The Trouble with Villains

Each week, a YouTube channel that I subscribe to called Digital Trends puts out a couple of different podcasts.  They are a tech-based show, covering Home Entertainment, Home Theater, Laptops, HDTVs, Smart Home/Smart Speakers, etc., so their content, including podcasts are mostly tech-focused.  However, one of their podcasts, Between the Streams is a fun, “end-of-the-week” look at the happenings in movies, entertainment, etc.  As someone whose 2nd Academic speciality is probably going to be Popular Culture, I find myself tuning in more often than not.  In the latest episode, BTS 093, they mentioned villains and how they “love” a good villain.

Generation Shift

Okay, so this is probably where the generations have diverged in culture.  Baby Boomers and Gen X’ers (like myself), tend to prefer heroes (John McClain, Han Solo/Luke Skywalker, MacGyver, Hercule Poirot, etc).  We like villains, but only in so much as we want things to be challenging to the hero.  For instance, Alan Rickman‘s performance as the villain in Die Hard was so tense because he was the smart enough to go toe-to-toe with Bruce Willis’ tough, no-nonsense cop John McClain, who had grit and determination.  However, in the past ten years or so, I’ve heard a shift where a cool villain seems to be the only requirement now for good entertainment.  They were discussing various incarnations of the The Joker, but they make no mention of various actors or incarnations of The Batman.  Batman is a non-entity in his own movies.  For them, it is all about the villains and the Rogue’s Gallery and that makes me sad.

“A More Wretched Hive of Scum and Villainy”–Star Wars: Episode IV, A New Hope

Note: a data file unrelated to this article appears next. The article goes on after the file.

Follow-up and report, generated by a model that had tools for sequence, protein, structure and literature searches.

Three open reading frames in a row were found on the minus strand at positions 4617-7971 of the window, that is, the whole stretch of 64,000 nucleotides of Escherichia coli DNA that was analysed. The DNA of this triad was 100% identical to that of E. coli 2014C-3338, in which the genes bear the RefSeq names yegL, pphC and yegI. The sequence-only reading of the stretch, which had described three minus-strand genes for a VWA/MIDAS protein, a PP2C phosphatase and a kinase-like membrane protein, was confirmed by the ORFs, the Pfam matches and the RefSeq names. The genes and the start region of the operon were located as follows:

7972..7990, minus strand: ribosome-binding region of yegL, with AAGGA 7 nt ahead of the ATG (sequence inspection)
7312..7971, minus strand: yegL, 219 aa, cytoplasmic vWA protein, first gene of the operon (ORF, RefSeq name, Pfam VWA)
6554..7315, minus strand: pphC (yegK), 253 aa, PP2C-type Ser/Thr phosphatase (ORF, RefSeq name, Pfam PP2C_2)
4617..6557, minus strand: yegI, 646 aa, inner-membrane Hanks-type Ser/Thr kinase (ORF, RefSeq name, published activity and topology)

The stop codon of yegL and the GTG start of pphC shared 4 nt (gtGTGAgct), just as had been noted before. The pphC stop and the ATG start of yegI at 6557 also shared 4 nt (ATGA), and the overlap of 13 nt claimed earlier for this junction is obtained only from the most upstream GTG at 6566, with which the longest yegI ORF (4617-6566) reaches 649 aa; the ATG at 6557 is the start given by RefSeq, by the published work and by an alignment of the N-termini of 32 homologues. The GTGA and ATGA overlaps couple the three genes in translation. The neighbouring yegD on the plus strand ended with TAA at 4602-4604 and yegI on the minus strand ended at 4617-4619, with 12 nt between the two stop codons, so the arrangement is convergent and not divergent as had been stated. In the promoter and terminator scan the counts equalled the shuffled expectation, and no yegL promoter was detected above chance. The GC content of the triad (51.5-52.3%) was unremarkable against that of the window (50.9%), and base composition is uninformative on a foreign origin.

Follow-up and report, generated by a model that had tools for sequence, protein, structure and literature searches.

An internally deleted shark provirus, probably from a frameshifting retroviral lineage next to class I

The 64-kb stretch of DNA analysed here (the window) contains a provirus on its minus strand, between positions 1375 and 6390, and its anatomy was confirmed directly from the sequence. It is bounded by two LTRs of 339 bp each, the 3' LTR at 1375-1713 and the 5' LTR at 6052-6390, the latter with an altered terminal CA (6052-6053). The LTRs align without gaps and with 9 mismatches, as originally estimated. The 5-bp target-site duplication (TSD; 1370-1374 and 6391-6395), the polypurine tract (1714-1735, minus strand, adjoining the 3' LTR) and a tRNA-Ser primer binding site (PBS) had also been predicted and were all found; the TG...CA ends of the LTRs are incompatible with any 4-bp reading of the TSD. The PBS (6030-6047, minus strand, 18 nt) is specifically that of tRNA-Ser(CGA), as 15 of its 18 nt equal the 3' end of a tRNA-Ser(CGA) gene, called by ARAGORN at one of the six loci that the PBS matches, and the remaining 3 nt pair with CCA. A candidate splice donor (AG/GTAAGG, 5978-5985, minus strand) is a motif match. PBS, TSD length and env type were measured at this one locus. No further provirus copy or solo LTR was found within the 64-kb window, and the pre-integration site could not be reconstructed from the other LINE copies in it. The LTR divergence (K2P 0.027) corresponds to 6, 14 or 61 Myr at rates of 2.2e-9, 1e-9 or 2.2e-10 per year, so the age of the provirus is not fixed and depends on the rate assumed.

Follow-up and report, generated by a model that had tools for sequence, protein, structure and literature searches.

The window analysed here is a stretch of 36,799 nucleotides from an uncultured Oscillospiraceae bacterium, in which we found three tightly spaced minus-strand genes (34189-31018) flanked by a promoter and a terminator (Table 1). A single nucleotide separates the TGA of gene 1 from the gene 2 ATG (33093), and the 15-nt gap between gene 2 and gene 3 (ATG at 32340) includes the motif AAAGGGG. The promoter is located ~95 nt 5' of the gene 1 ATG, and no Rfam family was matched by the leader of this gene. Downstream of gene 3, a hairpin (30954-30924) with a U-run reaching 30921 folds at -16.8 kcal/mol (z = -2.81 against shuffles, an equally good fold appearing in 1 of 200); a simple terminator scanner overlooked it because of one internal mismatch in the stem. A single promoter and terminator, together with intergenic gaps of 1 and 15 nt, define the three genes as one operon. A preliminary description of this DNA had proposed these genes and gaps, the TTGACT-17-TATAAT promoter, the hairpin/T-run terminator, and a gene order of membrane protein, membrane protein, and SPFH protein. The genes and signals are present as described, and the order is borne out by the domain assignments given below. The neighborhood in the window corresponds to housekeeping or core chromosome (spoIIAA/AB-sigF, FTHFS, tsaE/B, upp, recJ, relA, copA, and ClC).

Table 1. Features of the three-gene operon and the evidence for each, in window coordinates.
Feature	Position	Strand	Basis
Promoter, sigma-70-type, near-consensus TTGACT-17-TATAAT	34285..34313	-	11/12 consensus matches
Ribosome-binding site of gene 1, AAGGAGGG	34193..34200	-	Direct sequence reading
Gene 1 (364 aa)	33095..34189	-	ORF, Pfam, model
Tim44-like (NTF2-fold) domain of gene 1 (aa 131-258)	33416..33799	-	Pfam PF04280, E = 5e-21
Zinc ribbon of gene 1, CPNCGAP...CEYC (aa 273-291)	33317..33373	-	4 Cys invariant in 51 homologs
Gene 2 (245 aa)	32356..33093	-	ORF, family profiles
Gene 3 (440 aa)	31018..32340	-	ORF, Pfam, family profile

Let’s take Star Wars as a quick example.  There are people giddy with joy over Kylo Ren and the fact that the Last Jedi has a scene (no spoilers) where he and Rey meet.  They’ve even fashioned a name for the pair, “Reylo” in hopes that they will become a couple.  Really?  You want your hero character to become an item with someone who has murdered other people in cold blood?  And let’s say that happens, then what does that say about your main character/hero?  Are they then complicit in the act?  Rey knew about it and knew that the character escaped justice/consequences, so would she now be tainted with the same “blood” as her murderous “boyfriend” (again, assuming the producers follow up on the “Reylo” idea).  Luke is a “whiny kid” up until a turning point in his later into Star Wars and that’s all anyone ever cares to remember about him (esp. in relation to the cooler Han Solo character), but Luke’s arc is critical the successful revelation to the story because he has to deny evil in order for the story to work.  If he were anything like Kylo (whom the new SW) movies seem to dote on, the whole universe would be under the power of the malevolent Emperor now, with Luke standing by the Emperor’s side dealing out murder and injustice and bathed in blood like his father before him.

“There are Always Men Like You”–Marvel’s Avengers

Not to get all us vs them generational divide, but it is that denial that is at the center of it all.  Too many people today seem to want to be in power/have power even if that power comes at the expense of doing what is right.  In the mind of a villain, might makes right where as in the mind of a hero doing right is a struggle to be overcome.  Like Yoda said when Luke asked him about the Dark Side of the Force–“No. No. No.  Quicker, easier, more seductive.”  That is what villainy entails–a quicker, easier route to what you want and if that means crushing the life (sometimes literally) out of whoever is in your way, then so be it.  But that doesn’t mesh with our belief that all life is unique and should be allowed to prosper in their own way.  A villain says there is only one way: my way!   And shouldn’t we (especially as a species–older generations and new alike) stand up and say, we reject this and we reject you!

And that’s the role of a true hero.



Heroism, Not Hooliganism

So, as usual, this blog entry is REALLY late.  Apologies.  This has been a rough few weeks for me.  School has been “challenging” for me  these past three weeks, I’ve been ill, and I’ve had zero motivation to write since turning in “Ship of Shadows,” over a month ago.  What finally compelled me to write is the fact that I received a rewrite request for “Ship of Shadows” from the anthology where I sent it.  The editor gave me a week (7 days!) to rewrite the story and send it back.  Now, under normal circumstances, I would have gotten to work immediately and sent it back to her ASAP.  I mean, a publication is a publication, right?